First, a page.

This willingness of Schumer to take political evil with good — in Manchin’s case, the coal state senator’s insistence on oil and gas industry policies that liberals deplore — infuriates liberals. and somewhat threatens Schumer’s grip on power.

Sanders called the final package insufficient, even though he voted for it, and Sanders’ progressive Rep. Alexandria Ocasio-Cortez was seen as a powerful New York Democrat who could one day challenge Schumer in a primary election. There are many senators who could one day envision themselves being the majority leader.

Schumer’s take: “My job is to get things done.”

“It’s very easy to be a Mitch McConnell,” he said of the Republican who bragged about sending House Speaker Nancy Pelosi’s Democrat bills to the “graveyard” when he was Majority Leader.

“It’s easy to stop things, especially in a Senate that’s designed to stop things. It’s hard to get things done. »

Schumer has always wanted to be the leader of the Senate since his election more than 20 years ago. But even he was somewhat surprised when two Georgia Democrats, Rafael Warnock and Jon Ossoff, won their January 5, 2021 special election, tipping the majority.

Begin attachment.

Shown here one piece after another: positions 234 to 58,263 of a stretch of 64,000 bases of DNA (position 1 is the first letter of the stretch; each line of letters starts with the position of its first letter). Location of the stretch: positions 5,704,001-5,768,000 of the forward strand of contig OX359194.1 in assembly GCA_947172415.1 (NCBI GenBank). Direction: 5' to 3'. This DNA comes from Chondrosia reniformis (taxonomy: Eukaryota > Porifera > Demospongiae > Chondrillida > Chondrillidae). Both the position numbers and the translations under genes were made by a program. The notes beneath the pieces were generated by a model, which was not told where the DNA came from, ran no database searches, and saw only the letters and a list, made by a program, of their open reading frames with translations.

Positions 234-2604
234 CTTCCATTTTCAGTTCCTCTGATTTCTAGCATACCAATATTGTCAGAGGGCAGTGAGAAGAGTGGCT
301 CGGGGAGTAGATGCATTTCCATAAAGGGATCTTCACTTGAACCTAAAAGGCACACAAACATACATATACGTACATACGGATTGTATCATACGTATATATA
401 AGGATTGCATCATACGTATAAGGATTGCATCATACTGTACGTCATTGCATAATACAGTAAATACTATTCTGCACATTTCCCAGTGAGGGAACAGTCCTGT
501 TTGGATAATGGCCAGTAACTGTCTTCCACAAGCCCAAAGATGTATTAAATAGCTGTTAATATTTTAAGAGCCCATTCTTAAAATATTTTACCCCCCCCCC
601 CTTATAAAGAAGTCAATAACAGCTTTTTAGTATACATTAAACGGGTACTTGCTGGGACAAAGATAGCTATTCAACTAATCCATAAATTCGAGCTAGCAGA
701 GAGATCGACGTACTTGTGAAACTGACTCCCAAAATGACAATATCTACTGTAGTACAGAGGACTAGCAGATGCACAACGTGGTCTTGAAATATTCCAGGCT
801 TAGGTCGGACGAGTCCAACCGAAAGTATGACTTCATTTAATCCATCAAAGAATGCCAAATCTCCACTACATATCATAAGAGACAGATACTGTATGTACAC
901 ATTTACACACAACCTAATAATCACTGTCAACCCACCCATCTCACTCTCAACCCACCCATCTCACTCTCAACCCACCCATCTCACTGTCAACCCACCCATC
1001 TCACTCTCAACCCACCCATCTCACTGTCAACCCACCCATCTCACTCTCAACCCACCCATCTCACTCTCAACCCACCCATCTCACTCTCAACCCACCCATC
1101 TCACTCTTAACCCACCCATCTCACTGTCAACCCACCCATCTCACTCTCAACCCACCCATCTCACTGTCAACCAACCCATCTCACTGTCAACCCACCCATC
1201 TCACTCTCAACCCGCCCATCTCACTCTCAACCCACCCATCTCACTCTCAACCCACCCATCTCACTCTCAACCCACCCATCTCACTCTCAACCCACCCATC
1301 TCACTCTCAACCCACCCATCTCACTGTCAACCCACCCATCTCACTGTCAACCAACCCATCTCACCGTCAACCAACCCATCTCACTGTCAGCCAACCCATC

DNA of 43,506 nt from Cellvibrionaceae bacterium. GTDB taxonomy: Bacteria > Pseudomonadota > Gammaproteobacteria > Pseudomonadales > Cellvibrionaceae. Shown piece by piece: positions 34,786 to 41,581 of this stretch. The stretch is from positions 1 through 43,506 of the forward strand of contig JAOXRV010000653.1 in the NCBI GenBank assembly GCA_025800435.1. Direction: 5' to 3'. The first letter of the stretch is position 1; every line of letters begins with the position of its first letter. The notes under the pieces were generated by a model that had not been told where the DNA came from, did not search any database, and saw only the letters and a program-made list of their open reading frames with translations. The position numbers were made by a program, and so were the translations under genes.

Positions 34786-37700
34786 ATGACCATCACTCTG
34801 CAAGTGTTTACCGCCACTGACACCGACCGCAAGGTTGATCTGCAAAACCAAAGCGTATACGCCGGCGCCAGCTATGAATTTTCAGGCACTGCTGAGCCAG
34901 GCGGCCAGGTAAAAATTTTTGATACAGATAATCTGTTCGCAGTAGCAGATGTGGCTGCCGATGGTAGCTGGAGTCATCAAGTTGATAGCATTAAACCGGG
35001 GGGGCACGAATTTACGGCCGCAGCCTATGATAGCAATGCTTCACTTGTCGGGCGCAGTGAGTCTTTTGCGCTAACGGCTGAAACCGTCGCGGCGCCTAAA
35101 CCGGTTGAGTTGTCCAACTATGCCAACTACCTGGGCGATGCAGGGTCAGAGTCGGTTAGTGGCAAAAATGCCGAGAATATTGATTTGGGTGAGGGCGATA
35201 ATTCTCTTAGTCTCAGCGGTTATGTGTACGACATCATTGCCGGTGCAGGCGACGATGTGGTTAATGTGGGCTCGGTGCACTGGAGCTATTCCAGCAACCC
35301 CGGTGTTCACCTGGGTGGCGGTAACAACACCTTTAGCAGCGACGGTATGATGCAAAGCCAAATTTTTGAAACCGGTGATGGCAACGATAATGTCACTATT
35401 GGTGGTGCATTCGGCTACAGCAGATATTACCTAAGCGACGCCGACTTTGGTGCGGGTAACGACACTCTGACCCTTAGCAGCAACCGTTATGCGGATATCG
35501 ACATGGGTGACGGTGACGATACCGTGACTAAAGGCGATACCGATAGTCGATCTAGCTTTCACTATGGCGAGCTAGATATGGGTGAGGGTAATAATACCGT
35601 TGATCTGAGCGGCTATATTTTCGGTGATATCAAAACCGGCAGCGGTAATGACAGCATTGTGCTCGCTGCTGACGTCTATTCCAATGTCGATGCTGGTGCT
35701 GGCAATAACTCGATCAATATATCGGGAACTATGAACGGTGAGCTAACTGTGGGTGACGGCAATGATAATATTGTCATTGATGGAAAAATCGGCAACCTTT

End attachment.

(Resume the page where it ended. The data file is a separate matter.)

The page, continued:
At 4 a.m. on January 6, Schumer was briefed on the latest counts from election night. He was giving a speech in the Senate as an alleged leader hours later when a Capitol police officer grabbed him by the collar of his shirt and pulled him off the ground.

Led to a safe place as the mob of rioters loyal to Trump stormed the Capitol, he and other congressional leaders agreed to resume session that night, determined to complete certification of the presidential election. and move on to the work of the new Congress.